Goldman’s bottom line:

Whether shale becomes a true “game changer” for the US in the long-run depends on a number of highly uncertain factors, including technological innovation and the level of investment in downstream industries. In the shorter-term, however, we see only a modest boost to aggregate macro outcomes rather than a revolution.

Now that report is from late last year. But I suddenly thought of it when reading a new report — whose numbers I use above — on the shale revolution over at VoxEU. From the summary:

Our analysis suggests that commentators and policymakers need to better distinguish between the ways in which the US shale gas boom constitutes a ‘revolution’ and the ways in which it does not. The US unconventional energy boom has reversed the decline of domestic production, significantly lowered oil and gas imports, reduced gas costs for consumers, and created a political space for tougher regulations on coal-fired power plants.

But it is not a panacea. Even if current estimates of production turn out to be accurate, the benefits to the US economy in the long run are relatively small, and the benefits to manufacturing competitiveness in most sectors are even smaller.

Supporting the shale boom is an important element of pro-growth public policy. But this welcome windfall shouldn’t preclude creative thinking about other ways to fix the sputtering American growth machine.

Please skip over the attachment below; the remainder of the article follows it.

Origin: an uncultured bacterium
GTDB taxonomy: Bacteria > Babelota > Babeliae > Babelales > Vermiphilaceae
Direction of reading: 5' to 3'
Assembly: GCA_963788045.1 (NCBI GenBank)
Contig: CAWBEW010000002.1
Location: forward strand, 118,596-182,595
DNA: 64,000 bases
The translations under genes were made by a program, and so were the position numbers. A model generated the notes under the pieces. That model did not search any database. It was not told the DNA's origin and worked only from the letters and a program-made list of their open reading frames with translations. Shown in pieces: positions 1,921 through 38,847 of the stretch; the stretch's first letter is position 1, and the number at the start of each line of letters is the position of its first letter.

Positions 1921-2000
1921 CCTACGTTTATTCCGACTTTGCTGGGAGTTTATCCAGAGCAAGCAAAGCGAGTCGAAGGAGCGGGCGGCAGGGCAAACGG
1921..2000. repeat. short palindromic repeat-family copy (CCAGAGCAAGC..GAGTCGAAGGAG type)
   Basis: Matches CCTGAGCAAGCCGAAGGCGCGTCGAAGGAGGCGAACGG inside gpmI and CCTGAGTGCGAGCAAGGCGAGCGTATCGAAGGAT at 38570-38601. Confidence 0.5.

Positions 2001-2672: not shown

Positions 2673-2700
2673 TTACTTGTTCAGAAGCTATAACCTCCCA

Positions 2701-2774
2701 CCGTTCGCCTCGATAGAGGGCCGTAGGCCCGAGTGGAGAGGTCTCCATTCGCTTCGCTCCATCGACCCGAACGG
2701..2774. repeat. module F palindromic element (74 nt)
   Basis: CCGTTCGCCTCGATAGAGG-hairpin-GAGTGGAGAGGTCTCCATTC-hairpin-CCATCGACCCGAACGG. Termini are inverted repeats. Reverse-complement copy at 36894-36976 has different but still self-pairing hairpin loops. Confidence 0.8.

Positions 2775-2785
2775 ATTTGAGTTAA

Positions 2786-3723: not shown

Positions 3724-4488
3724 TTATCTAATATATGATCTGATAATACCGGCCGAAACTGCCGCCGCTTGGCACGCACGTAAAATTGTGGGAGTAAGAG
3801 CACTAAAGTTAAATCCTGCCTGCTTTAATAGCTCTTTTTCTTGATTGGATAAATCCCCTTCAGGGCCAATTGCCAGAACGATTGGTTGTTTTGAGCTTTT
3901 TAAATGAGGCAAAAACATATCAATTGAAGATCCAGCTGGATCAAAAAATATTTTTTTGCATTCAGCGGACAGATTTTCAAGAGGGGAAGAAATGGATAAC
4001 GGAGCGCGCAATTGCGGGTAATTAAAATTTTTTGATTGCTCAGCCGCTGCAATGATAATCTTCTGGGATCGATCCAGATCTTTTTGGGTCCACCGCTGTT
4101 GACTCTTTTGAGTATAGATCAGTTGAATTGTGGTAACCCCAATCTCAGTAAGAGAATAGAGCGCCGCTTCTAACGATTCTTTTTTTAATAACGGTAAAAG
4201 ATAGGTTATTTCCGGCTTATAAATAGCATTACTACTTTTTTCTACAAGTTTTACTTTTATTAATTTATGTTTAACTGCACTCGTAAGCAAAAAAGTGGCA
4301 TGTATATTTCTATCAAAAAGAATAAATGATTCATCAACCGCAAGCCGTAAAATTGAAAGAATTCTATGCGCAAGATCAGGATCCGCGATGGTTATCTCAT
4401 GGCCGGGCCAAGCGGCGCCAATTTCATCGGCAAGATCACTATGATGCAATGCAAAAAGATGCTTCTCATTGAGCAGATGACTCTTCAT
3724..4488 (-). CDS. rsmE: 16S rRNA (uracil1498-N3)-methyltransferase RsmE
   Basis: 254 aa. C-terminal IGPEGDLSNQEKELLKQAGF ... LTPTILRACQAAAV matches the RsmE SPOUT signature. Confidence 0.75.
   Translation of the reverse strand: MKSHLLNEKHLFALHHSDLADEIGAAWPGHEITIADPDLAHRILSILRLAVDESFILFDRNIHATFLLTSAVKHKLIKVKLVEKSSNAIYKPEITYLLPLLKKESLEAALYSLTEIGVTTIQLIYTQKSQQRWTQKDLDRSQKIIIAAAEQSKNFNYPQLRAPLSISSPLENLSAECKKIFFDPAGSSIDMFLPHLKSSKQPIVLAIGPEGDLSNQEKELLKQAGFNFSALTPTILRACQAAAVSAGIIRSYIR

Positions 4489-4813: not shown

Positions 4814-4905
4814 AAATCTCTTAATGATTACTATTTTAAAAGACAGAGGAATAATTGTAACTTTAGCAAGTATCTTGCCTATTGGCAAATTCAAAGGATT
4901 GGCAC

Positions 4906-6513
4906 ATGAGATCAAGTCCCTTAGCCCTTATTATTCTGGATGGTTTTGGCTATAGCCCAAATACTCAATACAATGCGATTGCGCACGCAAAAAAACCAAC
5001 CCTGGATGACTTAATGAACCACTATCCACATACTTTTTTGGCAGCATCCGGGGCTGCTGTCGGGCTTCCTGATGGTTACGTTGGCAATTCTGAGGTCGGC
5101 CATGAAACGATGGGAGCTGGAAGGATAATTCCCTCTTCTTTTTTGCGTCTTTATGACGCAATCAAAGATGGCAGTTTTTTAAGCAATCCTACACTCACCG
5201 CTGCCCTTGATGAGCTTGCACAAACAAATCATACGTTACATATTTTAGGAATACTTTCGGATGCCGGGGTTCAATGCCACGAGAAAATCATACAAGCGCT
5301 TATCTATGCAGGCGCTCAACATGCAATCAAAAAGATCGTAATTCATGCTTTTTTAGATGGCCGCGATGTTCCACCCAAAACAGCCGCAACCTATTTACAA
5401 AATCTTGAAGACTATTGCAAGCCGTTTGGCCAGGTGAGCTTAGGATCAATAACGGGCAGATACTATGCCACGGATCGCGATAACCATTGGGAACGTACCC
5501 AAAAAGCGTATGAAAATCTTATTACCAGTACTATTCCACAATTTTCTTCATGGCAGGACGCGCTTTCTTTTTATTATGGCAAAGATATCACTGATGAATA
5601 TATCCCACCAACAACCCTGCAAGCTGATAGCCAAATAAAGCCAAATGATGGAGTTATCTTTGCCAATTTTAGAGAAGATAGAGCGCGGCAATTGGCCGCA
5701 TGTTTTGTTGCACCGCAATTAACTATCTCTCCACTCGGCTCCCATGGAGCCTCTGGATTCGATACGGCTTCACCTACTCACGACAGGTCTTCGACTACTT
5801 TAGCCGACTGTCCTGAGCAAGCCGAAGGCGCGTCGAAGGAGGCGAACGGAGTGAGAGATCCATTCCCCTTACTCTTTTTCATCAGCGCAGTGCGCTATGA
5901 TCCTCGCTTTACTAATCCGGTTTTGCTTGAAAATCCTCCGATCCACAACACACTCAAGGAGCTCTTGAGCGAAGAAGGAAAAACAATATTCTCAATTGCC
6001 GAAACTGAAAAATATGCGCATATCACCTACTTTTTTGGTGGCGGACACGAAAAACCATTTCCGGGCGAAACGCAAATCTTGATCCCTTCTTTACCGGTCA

Follow James Pethokoukis on Twitter at @JimPethokoukis, and AEIdeas at @AEIdeas

Economics, Financial Services, Pethokoukis

Is the Fed giving megabanks stress tests or ‘feather tests’?

Image Credit: jaci starkey (Flickr) CC

Image Credit: jaci starkey (Flickr) CC

Maybe I got it wrong. Maybe America really doesn’t need fundamental financial reform of the sort that finally eliminates the cronyist “too big to fail” subsidy for megabanks and establishes a less-crisis prone financial system.

Maybe it’s all fixed. After all, the Fed’s annual stress test of big banks’ financial health showed, according to the WSJ,  “29 of the 30 largest institutions have enough capital to continue lending even when faced with a hypothetical jolt to the U.S. economy lasting into 2015, including a severe drop in housing prices and a spike in unemployment.”

But just how stressful are those stress tests? Bloomberg:

Researchers at New York University have created a tool to answer the question. Drawing on the historical relationship between banks’ stock prices and the market as a whole, it estimates what the value of the banks’ equity capital would be if the market fell 40 percent over six months – similar to what happened in 2008. It then calculates, based on past crises, how much capital the banks would have to raise to be financially sound.